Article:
If you want the bean broth to thicken up a bit, cook a little longer with the lid off.  Whatever you do, don’t throw the broth away….it is a great addition to any kind of vegetable or red-meat soup, and you will also want some of it if you are going to make refried beans.  If you don’t have an immediate use for the extra bean broth, put it in the freezer for another day.

For regular stove top beans, bring the pot to a boil and then simmer with the lid on, and it will likely take between 40-90 minutes depending on the beans.

To prepare in a slow cooker, it is recommended to boil the beans for 10 minutes before transferring to the slow cooker (to destroy a naturally-occurring toxin).  Cook on high for about 4 hours or on low for about 8 hours.  Add the wine during the last hour.

As for oven cooking, I’ve only done it once.  The results were good, but my oven is really small and when I’m making beans I often want the oven space available for cornbread or something.  Follow the method here, but use my ingredients and add the wine during the last half hour.

Every once in a while I have beans that never get tender.  I hope that doesn’t happen to you, but if it does, use any that are left in the bag for pie weights in the future or else toss them because they are too old.  Dry beans do last a long time, but the fresher, the better, so get them from a farmer’s market if you can, and if not, check the “best if used by” date on the package and buy the bag with the longest shelf life.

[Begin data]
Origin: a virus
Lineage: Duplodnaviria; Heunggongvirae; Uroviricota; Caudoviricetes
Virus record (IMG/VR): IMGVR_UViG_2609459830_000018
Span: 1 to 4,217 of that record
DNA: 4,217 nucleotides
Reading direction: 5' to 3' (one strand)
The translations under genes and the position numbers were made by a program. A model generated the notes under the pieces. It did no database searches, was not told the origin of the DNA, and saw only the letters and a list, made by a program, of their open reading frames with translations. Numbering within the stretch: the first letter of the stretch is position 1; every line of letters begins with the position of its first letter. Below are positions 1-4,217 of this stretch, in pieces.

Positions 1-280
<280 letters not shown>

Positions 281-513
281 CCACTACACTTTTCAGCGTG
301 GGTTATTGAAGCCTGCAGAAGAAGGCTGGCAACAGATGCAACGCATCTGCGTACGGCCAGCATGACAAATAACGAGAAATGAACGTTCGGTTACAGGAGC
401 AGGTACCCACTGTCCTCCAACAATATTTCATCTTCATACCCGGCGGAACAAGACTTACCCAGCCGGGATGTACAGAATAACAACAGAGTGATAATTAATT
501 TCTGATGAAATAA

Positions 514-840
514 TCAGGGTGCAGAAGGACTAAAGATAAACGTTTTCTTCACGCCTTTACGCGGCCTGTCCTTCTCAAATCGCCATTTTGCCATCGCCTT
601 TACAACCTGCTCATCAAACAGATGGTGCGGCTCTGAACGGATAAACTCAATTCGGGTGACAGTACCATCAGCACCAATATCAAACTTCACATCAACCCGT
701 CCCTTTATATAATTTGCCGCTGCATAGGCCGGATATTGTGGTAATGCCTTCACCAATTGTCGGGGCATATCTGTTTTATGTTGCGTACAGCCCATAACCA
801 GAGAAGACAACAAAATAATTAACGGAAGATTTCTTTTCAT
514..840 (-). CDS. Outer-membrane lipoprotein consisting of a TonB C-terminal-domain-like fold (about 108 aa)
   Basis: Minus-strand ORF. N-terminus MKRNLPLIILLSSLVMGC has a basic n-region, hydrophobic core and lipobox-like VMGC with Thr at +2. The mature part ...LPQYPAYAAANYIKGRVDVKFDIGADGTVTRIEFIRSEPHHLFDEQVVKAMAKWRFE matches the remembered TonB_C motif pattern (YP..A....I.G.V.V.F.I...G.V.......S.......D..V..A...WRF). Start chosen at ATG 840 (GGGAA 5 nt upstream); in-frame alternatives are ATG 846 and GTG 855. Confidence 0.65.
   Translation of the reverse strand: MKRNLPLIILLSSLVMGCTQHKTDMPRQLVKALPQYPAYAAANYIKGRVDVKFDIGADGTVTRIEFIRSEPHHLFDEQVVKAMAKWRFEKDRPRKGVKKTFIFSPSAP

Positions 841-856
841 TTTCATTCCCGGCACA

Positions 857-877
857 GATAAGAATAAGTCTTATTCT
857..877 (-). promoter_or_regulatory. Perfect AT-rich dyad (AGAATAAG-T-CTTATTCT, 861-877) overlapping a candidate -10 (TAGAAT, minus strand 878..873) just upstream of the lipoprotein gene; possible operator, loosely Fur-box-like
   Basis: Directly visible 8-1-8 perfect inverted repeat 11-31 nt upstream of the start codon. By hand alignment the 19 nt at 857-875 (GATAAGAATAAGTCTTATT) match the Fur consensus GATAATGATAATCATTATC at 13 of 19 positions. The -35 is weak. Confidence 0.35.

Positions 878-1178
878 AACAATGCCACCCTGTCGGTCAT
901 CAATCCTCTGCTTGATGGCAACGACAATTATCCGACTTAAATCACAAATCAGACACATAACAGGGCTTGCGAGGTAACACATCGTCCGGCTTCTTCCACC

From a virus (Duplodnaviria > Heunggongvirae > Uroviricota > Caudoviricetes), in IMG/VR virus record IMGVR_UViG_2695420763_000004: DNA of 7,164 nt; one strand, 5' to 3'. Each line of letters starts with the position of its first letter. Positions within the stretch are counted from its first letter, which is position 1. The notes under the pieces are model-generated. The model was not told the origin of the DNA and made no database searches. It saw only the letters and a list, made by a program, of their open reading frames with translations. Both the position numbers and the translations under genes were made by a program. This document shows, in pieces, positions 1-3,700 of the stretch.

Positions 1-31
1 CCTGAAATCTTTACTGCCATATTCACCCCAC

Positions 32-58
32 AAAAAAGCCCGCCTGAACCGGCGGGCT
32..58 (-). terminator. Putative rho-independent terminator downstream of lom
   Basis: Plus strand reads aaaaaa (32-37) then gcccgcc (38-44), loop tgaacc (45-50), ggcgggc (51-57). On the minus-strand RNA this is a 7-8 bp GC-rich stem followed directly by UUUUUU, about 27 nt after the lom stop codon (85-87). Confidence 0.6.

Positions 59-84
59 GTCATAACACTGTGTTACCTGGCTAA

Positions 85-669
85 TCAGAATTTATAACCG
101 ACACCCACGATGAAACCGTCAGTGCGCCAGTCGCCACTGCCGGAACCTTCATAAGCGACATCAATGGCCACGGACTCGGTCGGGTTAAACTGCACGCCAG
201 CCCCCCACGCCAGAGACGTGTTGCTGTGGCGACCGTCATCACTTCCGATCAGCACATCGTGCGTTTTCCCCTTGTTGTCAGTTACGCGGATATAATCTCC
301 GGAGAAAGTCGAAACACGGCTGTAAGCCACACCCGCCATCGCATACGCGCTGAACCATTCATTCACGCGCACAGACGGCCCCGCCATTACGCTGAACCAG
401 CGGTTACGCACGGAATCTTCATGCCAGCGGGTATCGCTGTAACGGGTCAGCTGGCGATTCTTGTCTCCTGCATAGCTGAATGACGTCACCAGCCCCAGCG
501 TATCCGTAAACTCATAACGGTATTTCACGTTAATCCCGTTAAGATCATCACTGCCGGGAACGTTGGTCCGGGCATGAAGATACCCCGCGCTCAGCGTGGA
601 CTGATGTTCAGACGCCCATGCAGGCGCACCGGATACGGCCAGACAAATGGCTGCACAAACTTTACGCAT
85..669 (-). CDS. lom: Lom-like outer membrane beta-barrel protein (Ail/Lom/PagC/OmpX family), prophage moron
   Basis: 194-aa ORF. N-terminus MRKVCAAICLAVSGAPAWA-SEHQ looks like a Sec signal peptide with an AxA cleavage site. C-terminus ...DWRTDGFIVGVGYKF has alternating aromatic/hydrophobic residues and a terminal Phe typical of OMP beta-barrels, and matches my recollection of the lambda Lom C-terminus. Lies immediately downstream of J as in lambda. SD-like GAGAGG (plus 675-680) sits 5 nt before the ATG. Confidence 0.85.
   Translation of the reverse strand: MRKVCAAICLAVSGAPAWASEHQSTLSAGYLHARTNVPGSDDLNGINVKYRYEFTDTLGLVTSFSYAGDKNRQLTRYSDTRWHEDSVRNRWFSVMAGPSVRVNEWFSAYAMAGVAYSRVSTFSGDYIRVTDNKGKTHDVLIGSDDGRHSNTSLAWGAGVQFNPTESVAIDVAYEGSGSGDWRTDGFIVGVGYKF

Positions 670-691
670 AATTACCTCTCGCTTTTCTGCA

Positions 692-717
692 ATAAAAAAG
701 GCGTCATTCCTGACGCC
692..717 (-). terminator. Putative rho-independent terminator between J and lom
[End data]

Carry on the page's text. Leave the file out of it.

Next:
My next post will have a recipe to use some of the extra frijoles, and you can also freeze the beans in meal-size portions, so make a big batch!

Tami

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3 thoughts on “Family Stories and Frijoles

  1. Kelly says:

    I loved the story behind the beans! I just wanted to leave you a little note and let you know I’m a big fan. I tell Kara to pass my praise along all the time, but figured I could do it myself. I also loved the book Como Agua Para Chocolate, and in my high school Spanish class we had to make one of the recipes for a class project. With some help, I attempted the Three Kings Day bread. It didn’t come out half bad, but the poor porcelain thing we baked in it came out a little worse for the wear. Thanks for all of your posts, they make wonderful study breaks! I can’t wait to try some of your recipes!

    • Kelly,
      Thanks so much for your comment! Since you liked Como Agua Para Chocolate, have you ever read a story called “El Guardagujas” by Juan José Arreola? He was one of the first Mexican magical realists, and the story is hilarious…so very Mexican but somehow I think if it were set along the Volga it could be quite Russian as well. I know you probably don’t have time for recreational reading now, but maybe you can squeeze a short story in sometime.
      Best wishes in your studies and remember, mijita, frijoles are brain food!
      Tami

  2. Kelly says:

    I haven’t read that short story, but as soon as finals are over, I’ll definitely seek it out. Thanks for the suggestion! Also, your new recipe for molletes looks like a good candidate for affordable study food🙂